Newspapers on the Walls

Dear friends,

When I was first shown our family cabin back in 2009, one of the things I loved best were all of the newspaper fragments on the wall. At one time, whole sheets of newspaper would have been tacked against the timbers and chinking for insulation and decoration. Eventually, the newspapers were covered with sheetrock and the cabin looked like any typical house from the inside. On the outside, the timbers were covered with tarpaper and wood siding. My cousins who lived there from the 1940s until the 1960s said that they never knew their “house” was inside a “cabin” or a “cabin” was inside their “house.” I love that. I always find the layers of lives in old houses fascinating.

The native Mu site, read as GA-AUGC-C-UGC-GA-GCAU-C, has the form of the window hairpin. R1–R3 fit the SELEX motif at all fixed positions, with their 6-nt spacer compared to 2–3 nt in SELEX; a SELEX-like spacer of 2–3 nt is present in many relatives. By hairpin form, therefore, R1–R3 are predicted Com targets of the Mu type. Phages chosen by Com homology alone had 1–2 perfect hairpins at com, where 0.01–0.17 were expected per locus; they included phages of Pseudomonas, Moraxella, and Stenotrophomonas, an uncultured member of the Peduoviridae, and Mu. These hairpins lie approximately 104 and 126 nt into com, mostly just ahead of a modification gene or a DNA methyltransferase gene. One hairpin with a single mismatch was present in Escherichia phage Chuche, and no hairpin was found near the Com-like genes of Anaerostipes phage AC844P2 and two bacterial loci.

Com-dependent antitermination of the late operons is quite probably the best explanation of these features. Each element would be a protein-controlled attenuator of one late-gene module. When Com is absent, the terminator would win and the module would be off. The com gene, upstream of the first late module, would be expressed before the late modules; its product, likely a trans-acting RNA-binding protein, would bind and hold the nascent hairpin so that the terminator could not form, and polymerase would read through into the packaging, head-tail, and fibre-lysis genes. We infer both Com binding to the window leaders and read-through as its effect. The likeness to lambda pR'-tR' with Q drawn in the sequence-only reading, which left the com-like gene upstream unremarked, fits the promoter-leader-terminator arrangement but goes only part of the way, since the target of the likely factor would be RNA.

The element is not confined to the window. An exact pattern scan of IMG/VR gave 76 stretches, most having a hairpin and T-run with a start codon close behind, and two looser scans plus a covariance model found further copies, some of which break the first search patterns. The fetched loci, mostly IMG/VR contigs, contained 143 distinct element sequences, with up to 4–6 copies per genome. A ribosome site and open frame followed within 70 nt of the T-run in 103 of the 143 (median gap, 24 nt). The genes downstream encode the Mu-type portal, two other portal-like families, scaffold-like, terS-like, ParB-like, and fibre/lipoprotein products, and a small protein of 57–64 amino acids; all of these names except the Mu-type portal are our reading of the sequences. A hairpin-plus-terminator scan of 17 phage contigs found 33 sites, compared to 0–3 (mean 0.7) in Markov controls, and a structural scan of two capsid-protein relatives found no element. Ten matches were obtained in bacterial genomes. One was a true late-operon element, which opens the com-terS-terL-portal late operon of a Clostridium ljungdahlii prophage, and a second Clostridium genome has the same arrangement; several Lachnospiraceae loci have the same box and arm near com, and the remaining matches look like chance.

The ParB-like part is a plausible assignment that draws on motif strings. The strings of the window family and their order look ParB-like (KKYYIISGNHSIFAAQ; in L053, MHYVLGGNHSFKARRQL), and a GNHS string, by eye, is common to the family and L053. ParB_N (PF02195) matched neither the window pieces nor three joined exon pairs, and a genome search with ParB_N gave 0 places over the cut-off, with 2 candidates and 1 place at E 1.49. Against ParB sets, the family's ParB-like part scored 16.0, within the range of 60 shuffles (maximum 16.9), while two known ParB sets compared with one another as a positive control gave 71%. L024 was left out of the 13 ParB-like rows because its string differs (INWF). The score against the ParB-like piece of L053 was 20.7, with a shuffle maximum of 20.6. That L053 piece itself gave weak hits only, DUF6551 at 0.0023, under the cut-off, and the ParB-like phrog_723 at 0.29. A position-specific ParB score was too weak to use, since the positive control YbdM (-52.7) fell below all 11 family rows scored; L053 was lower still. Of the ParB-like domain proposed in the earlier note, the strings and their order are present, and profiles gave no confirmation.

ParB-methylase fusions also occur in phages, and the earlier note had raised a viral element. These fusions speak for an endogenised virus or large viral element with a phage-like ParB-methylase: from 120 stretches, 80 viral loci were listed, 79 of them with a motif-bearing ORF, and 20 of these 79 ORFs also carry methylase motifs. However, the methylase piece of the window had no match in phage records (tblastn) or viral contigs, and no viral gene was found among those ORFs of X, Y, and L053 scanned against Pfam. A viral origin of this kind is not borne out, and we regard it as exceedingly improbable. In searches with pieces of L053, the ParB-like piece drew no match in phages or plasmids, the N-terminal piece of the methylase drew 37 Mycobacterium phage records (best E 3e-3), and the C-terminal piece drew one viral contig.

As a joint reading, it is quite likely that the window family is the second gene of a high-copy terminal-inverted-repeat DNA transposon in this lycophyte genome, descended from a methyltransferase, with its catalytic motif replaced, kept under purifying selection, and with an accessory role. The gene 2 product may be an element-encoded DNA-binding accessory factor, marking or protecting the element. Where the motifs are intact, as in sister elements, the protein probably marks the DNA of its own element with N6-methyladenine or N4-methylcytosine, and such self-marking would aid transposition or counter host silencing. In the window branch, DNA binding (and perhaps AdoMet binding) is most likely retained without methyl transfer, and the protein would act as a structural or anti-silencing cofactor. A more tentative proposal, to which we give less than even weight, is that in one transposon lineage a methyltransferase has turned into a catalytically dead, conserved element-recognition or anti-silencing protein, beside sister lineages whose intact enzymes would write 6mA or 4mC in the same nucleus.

If you missed my story about our family cabin falling down or about the clothes I found in between the floorboards, you can find them here and here.

I also wrote a new song this month celebrating my Aunt Freda and Uncle Harlis who traveled across America in their RV and showed us slides on their Kodak projector. 

Here are some newspaper fragments from the cabin. I hope you find them as curious and thought provoking as I do.

With kindness, always,


Smith Family cabin, Smith Ridge, near Jewell Ridge, Southwest Virginia. Photo by me in 2010. Built by John Rufus Smith in the late 1800s. He was the Justice of the Peace for the Maiden Springs district of Tazewell County and was murdered in cold blood on May 20, 1936. He lived in the cabin with his wife Susie Ella Smith and their eleven children.

“carved claw feet . . . Wedding”

Pocket knives

Chest of drawers

Rocking chairs

Wild boar

Horse legs and a dress shoe

A new dress


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